All lakes are not created equal. And in the Madison area’s Yahara chain, Lake Kegonsa is the redheaded steplake.
Watershed managers and scientists from Green Bay to Japan are watching Madison’s current efforts to clean up its algae-beset chain of lakes — Mendota; Monona, and its contributor, Wingra; Waubesa; and Kegonsa, in order of drainage.
“What’s going on in our watershed is actually cutting-edge,” said Steve Carpenter, director of the Center for Limnology at the University of Wisconsin-Madison. “If we can do it here, then our portfolio of tools can be exported. It is a laboratory for innovation.”
The plan for the lakes is to starve the algae and clear up the water. Led by the nonprofit Clean Lakes Alliance and involving many watershed players, the plan aims to halve the phosphorus running into each of the four main lakes.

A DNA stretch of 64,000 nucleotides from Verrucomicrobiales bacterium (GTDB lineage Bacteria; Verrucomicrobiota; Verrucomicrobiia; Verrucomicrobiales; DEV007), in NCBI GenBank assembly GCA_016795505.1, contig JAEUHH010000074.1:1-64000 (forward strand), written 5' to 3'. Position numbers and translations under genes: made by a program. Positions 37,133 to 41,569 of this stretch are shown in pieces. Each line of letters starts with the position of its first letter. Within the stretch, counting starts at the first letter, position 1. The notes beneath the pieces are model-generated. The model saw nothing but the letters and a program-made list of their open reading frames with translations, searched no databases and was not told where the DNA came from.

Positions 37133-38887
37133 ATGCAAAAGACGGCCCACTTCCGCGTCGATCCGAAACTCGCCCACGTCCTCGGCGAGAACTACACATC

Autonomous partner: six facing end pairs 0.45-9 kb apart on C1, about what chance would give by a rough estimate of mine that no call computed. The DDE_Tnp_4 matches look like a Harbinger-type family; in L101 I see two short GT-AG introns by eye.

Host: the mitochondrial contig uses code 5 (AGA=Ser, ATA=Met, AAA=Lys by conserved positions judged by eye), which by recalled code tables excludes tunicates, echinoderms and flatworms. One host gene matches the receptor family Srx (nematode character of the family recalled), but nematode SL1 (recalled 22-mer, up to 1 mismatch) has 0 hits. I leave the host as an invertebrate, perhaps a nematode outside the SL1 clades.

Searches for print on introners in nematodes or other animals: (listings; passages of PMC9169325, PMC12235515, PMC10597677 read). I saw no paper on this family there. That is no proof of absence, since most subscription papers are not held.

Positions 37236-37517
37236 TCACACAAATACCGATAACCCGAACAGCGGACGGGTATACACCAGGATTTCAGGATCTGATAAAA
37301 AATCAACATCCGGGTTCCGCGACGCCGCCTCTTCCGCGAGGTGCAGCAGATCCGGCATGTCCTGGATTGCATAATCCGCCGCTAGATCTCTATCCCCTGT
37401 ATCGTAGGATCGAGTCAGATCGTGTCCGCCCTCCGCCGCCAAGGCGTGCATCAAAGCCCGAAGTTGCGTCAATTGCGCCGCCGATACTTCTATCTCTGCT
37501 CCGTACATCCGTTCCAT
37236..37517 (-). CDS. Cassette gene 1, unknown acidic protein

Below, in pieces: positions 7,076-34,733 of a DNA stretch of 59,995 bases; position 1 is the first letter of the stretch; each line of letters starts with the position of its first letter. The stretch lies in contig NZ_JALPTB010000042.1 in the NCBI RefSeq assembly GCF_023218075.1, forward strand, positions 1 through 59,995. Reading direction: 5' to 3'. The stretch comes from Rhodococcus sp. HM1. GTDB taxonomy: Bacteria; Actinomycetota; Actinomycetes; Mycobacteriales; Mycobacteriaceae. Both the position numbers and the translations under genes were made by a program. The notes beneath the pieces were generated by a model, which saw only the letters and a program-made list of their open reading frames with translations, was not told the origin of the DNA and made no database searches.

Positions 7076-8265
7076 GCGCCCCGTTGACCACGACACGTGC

Equally ambitious is the Madison Metropolitan Sewerage District’s attempt, now in pilot stage, to pay farmers to reduce their pollution to the watershed, an alternative to the costly task of upgrading its own treatment plant’s pollution controls.
In these experiments, Kegonsa — carp-filled, green, scum-susceptible — is one of the biggest challenges.
The fact is, some lakes are harder to clean up than others.
“Kegonsa is a sad story, and I wish I could think of something more positive to say about it,” Carpenter said. “It has been the end of the line for phosphorus runoff for a long time. Phosphorus levels are very high.”
Carpenter and Richard Lathrop, a retired longtime Wisconsin Department of Natural Resources lake researcher, recently published research comparing management options for the watershed, based on the characteristics of the lakes and their surroundings. Where, they asked, might pollution reductions give the greatest bang for the buck?